There should be plenty of it in your garden. The coop should be large enough and provide a large run with secure fencing. Ducks, being waterfowl, should be able to swim in a small pond or wading pool. They are adapted to live in water. For example, their long and broad head provides buoyancy when swimming and their feet have webbed feet.

Ducks need a lot of exercise

Wild ducks never stay in one place for long. They move around a lot. Accordingly, you need to provide a lot of space for the animals that love to run.

You should plan on an area of 15 to 20 square meters per duck in the garden. If you only want to keep a small group of three to five animals, you should provide them with at least 150 square meters.

Roosting ducks need even more space. For running ducks, you should expect at least 100 square feet per animal.

If the ducks are kept in too small an area or exclusively indoors, they can develop physical and psychological problems. However, if ducks have enough run in the garden, they develop very well and can develop freely.

Make sure there is enough space in the coop, too. For running ducks and other small duck breeds, you need to plan for a barn area of about half a square meter. For large breeds, one square meter per animal is recommended.

What does the perfect duck house look like?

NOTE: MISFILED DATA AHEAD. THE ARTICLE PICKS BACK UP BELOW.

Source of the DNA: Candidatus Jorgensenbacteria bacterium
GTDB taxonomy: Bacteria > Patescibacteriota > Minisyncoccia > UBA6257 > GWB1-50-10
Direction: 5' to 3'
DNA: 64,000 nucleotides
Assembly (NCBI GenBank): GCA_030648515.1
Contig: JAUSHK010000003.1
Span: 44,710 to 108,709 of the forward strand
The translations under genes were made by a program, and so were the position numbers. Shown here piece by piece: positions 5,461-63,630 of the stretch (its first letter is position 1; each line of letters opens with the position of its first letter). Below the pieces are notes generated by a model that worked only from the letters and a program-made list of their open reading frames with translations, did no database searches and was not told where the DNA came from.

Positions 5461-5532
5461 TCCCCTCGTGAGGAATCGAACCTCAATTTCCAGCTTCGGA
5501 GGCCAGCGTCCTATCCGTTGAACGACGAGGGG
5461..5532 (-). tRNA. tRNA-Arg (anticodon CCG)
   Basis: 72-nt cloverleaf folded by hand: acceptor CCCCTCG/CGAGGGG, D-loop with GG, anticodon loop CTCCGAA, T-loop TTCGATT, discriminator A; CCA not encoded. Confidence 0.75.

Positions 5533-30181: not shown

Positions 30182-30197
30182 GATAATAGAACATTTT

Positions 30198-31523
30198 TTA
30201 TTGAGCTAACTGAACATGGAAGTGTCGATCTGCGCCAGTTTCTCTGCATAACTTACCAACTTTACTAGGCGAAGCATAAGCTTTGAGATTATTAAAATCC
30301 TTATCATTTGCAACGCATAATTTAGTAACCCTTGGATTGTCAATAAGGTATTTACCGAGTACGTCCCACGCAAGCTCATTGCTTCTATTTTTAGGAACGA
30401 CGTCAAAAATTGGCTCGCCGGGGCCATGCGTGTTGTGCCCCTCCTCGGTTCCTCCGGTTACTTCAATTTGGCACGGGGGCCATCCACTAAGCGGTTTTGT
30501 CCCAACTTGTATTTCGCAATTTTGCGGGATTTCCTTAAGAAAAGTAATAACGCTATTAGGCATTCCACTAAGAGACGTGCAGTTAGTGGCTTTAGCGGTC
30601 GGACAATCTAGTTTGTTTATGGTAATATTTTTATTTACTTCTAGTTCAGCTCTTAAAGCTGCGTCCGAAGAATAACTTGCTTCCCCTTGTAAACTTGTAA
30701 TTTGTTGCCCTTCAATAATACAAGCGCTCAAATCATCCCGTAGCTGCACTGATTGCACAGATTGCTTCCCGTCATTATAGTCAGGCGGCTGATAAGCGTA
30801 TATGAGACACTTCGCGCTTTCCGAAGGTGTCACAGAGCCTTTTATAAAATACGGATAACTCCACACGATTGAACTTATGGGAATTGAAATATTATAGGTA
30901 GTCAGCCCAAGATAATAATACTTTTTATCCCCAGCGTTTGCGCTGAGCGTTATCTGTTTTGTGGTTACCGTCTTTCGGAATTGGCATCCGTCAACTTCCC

The space required per duck in the coop is – as already mentioned above – between half a square meter and one square meter. A duck house must be bright and dry. In addition, the coop should be protected from drafts and have a comfortable temperature. To prevent predators such as foxes or martens from breaking in, you must make the ducks’ home safe. At night, you should lock the animals in for their own protection.

How to best defend chickens from foxes is explained in our guide “How to protect chickens from foxes”.

Divide the coop into the following areas:

Area for sleeping: Chickens do not sleep on the perch like ducks, but on the floor. So that the ducks do not have to sit directly on the bare floor, you scatter for example straw or wood chips. You should remove excrement and urine regularly for reasons of hygiene. In addition, the ducks feel more comfortable in a clean environment.

Feed and water area: The animals must be provided with food and water throughout. It is best to offer the birds fresh food and water daily through containers in a designated area of the barn. You should clean the containers daily to keep pathogens away from disease.

Nesting area: In order for the ducks to lay their eggs, laying nests are important. Depending on the size of the breed, they should be between 40 x 40 centimeters and 50 x 50 centimeters. So that the animals do not sleep on the nests, you offer them only a few nests. These should be clearly separated from the other sleeping area.

What do ducks eat in the garden?

Ducks are not choosy when it comes to eating. They eat almost anything that comes in front of their beaks.

The daily menu of the feathered waterfowl includes: